In a review of past research, the incidence of angiosarcoma in recent years has gradually increased from 1.52 to 2.04 per year, and breast cancer patients account for a relatively high proportion [13]. At present, the pathogenesis of PBSA is unclear, but SBAB is usually associated with postoperative edema, lymphatic blockade, perioperative infection, and radiation therapy. The onset of the disease is usually 4 to 7 years after breast-conserving therapy. PBSA usually presents clinically as a palpable mass, while SBAB usually presents with cutaneous changes such as abrasions, violaceous skin rash, and red papules or pain and discomfort in deep tissues, and the presentation is polycentric [14]. These clinical manifestations are similar to the manifestations of many benign tumors, and it is difficult for us to diagnose them through these manifestations, which also leads to our inability to diagnose and treat them through early clinical manifestations, resulting in delays in the condition and poor prognosis. On the other hand, due to the polycentric nature of SBAB, we were also unable to accurately measure the size of the tumor and the edge of the tumor in the clinic. Therefore, it was difficult for us to achieve R0 resection clinically, which also led to the risk of local recurrence and metastasis in patients in disguise, and some patients may have the possibility of reoperation.

In terms of the grouping definition of tumor size, our classification divides it into < 5, 5–10, or > 10 cm groups based on previous literature (p = 0.15). Because tumors smaller than 5 cm in primary patients are the most reliable prognostic criterion for prognosis, the size of the tumor is closely related to the prognosis of the primary patients [15, 16]. This is consistent with the results of this study in univariate analysis and multivariate analysis. However, Keila [17] found that tumor size with 10 cm as the defining point was also prognostically correlated in secondary patients in univariate analysis and multivariate analysis. Through the analysis of the data, it was found that the tumor size in this study was 9.5 cm as the cutoff point, which was statistically significant (p < 0.001). However, from the perspective of clinical and collected data, tumors larger than 9.5 cm have exceeded the scope of the breast, the number of patients with large tumors in the clinic is few, and the prognosis is relatively worse; thus, the results obtained herein indicate only a “nominally” poor prognosis, and we did not use these data.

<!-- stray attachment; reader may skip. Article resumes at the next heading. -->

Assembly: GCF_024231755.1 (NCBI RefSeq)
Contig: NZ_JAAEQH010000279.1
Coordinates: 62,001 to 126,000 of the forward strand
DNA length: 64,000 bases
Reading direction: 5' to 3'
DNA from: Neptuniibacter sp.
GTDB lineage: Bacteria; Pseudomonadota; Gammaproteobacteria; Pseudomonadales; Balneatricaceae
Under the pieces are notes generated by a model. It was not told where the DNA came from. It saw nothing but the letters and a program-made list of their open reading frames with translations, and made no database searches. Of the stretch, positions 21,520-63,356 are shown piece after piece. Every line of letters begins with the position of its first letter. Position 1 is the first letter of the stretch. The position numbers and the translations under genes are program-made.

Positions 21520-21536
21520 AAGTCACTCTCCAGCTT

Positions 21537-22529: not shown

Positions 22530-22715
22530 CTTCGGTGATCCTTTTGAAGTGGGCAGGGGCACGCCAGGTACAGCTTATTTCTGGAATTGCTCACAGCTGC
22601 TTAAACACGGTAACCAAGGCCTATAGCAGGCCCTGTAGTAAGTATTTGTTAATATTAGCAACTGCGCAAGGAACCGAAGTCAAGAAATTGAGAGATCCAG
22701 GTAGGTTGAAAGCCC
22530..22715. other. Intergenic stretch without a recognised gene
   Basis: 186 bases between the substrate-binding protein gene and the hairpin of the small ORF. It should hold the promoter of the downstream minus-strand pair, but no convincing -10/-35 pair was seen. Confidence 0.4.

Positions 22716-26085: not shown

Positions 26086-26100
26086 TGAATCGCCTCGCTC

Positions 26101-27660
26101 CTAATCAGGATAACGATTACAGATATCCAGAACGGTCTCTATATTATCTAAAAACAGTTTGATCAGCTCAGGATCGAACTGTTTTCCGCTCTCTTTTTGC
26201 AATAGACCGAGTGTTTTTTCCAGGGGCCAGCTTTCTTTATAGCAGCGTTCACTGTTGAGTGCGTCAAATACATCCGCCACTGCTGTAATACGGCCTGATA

Our study revealed that the OS of angiosarcoma is poor and is not sensitive to various treatments, especially among patients with SBAB. The tumor itself grew quickly and was prone to distant metastasis, and early diagnosis and intervention are particularly important. However, traditional imaging had a certain degree of invisibility, such as mass under the mammograms, asymmetrical density, parenchymal disorders, skin thickening and microcalcification, and under ultrasound, and they were mostly manifested as masses and thickening of the skin, which are similar to many benign diseases. In the literature on Sona A, it is shown that MRI is diagnostically specific, manifested by low T2-weighted imaging in the rapidly enhancing part of the dermis and parenchyma lesions and T1-weighted imaging characterized by a fast initial and delayed washout, which can determine the extent of the tumor [18]. Therefore, it is recommended that patients with suspected angiosarcoma can use MRI for localization to determine the extent of the tumor, and at the same time, if the patient has a history of breast cancer radiation therapy, skin changes should be observed carefully, and if necessary, puncture biopsy should be performed to confirm the diagnosis.